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Vipassana, Fixed Gear Bicycles and Training for Climbing

November 11, 2009

This post was originally posted in my yoga/massage page and I add it here because of the obvious overlap.

On the first of November I returned home from a 10-day Vipassana Meditation retreat/course.  I returned filled with new sensations, bodily sensations, with plenty of revelations, insight, and with many questions.

As is costumary, the questions arose hand in hand with the insights and throughout the process I would mentally connect the dots (because no writting or speaking was allowed) and by the end, somehow, the themes: Vipassana Meditation, fixed gear bicycles and training for climbing were the key themes.  Allow me to explain why.

I had really no idea what Vipassana meditation was before going into the course.  I had done a few 2-day retreats back in Gainesville, and also several 1-hour sits but they were not instructional sessions, they were sometimes guided but in a more relaxed way, more intuitive.  The truth is that even if those previous sessions had been guided and in the traditional form I would still return from this experience saying the same thing because a 10-day retreat/pilgrimage/journey has instilled a experiential/somatic knowledge of what Vipassana meditation is for me that one or several two-day or 1-hour sessions could not.

It was a silent retreat.  The first few hours we were allowed to talk with the other people who had signed up, I talked to a couple of people but felt myself already gearing up for the retreat by talking less.  We had a light dinner consisting of soup and bread and then the men headed over to sleep on their side of the building and the women on their side.  The segregation was to be mainted throughout the retreat and was aided by separate dining halls and separate areas of meditation; its function was to make it easier for us, the meditators, in that we would have one less thing to think about (i.e. not thinking about courting, about sex, about flirting).  I would say that measure was about 50-60% effective.

We learned Vipassana meditation as taught by Goenka (a.k.a. Sri Satya Narayan Goenka). The technique behind this was very simple, very straightforward, very devoid of belief structures or cerebral games (such as imagining something, some person, form or deity).  I ressonated very much with this right from the beginning in that it was all centered around developing a heightened awareness of the body.  The technique is, in part (or at its root), noticing the entirity of what the body is sensing at each moment; through that noticing, equanimous noticing, one becomes aware of the games they play and in which they get trapped.  Mind games of craving and aversion which limit juan’s full perception of the world by filtering filtering filtering the incoming information.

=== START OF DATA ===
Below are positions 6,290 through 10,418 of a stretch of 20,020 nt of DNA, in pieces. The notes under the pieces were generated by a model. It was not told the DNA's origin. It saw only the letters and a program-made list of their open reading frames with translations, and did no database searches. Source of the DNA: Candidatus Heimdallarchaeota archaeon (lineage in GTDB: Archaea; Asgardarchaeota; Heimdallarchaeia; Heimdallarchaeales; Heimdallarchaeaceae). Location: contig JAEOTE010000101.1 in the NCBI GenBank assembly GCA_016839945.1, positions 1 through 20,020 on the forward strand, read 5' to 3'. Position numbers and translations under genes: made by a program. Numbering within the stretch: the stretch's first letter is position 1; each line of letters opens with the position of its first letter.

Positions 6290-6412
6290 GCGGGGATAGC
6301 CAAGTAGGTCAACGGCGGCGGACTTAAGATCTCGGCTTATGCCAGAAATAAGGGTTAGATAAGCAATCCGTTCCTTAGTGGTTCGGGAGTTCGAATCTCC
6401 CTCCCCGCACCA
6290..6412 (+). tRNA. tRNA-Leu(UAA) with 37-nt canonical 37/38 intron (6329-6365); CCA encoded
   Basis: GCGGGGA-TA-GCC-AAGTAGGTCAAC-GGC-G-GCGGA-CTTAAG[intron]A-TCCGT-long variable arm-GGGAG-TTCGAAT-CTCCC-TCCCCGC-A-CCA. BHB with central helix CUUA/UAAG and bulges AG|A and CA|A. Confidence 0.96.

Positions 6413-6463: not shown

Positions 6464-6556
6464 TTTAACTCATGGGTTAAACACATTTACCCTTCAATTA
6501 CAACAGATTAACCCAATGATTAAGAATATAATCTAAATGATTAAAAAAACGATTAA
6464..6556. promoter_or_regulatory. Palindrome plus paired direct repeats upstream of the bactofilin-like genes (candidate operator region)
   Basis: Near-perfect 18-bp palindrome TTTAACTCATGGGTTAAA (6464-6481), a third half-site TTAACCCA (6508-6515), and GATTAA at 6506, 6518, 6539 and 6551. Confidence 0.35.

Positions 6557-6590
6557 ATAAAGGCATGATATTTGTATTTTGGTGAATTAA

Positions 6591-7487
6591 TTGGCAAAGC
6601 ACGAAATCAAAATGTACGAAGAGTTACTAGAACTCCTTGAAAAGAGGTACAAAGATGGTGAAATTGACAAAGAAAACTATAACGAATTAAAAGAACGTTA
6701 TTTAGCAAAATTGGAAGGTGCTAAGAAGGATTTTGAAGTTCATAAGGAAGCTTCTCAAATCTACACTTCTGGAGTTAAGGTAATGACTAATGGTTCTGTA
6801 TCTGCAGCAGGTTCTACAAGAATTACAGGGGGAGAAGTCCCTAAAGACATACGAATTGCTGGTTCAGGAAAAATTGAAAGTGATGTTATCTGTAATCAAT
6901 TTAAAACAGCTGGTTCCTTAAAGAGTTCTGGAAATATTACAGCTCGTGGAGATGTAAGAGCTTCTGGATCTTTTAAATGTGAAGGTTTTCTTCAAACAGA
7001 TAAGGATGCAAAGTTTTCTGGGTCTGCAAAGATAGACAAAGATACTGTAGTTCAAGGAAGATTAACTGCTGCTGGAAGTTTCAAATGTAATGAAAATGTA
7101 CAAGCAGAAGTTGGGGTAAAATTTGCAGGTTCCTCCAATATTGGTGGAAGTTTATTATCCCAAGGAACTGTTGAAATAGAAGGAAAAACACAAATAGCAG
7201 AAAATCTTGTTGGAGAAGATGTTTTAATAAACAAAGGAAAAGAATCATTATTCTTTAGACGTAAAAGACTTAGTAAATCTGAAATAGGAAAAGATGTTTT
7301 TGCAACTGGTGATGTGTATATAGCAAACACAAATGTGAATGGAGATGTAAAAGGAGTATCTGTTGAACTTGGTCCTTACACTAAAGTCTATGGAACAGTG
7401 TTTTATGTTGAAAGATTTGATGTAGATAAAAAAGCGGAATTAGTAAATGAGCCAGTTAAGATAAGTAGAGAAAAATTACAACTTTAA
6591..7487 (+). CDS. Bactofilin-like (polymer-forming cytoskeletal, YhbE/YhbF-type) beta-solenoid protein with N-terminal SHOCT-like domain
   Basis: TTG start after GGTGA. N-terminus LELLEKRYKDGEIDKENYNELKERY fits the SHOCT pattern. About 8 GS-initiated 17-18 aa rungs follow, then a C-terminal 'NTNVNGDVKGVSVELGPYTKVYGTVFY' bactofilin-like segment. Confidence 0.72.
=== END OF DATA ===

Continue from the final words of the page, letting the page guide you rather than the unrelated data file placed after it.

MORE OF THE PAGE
That is as far as I’m going to go in describing the technique because that has very little to do with what I experienced, and what I experienced is what I can really write about (or else I would be going around the world teaching the technique myself).

We meditated for 10 hours and watched a 1-hour video of Goenka talking each day.  That is 11 hours of sitting.  Exercise was … minimal.  I stretched every now and then, did a few handstands, walked around the limited area allowed for students and that is all.  We would sit for 1.5 hours and then get a 5-minute break and then another 1-hour or more sitting… and so on and so on.  The first 3 days were the most difficult ones for me.  During those days the sitting was the most painful, as the body was still adapting to the routine, and the thought of staying for 10 days… it felt like a long time, like time was going sooooooo slow.  I say: “the first 3 days” but the truth is that I am generalizing each day, giving an overall impression, what really happened was that during each day I would experience moments when everything seemed sooooo easy and in which I would think to myself: “I could sit like this for hours on end with no effort” and then moments when 5 minutes were AN ETERNITY!!!  Overall, the first 3 days were hard.  Goenka says that the 2nd and 6th days are when students most want to leave the course (and often do, Goenka himself had packed to leave on the second day of his first 10-day course).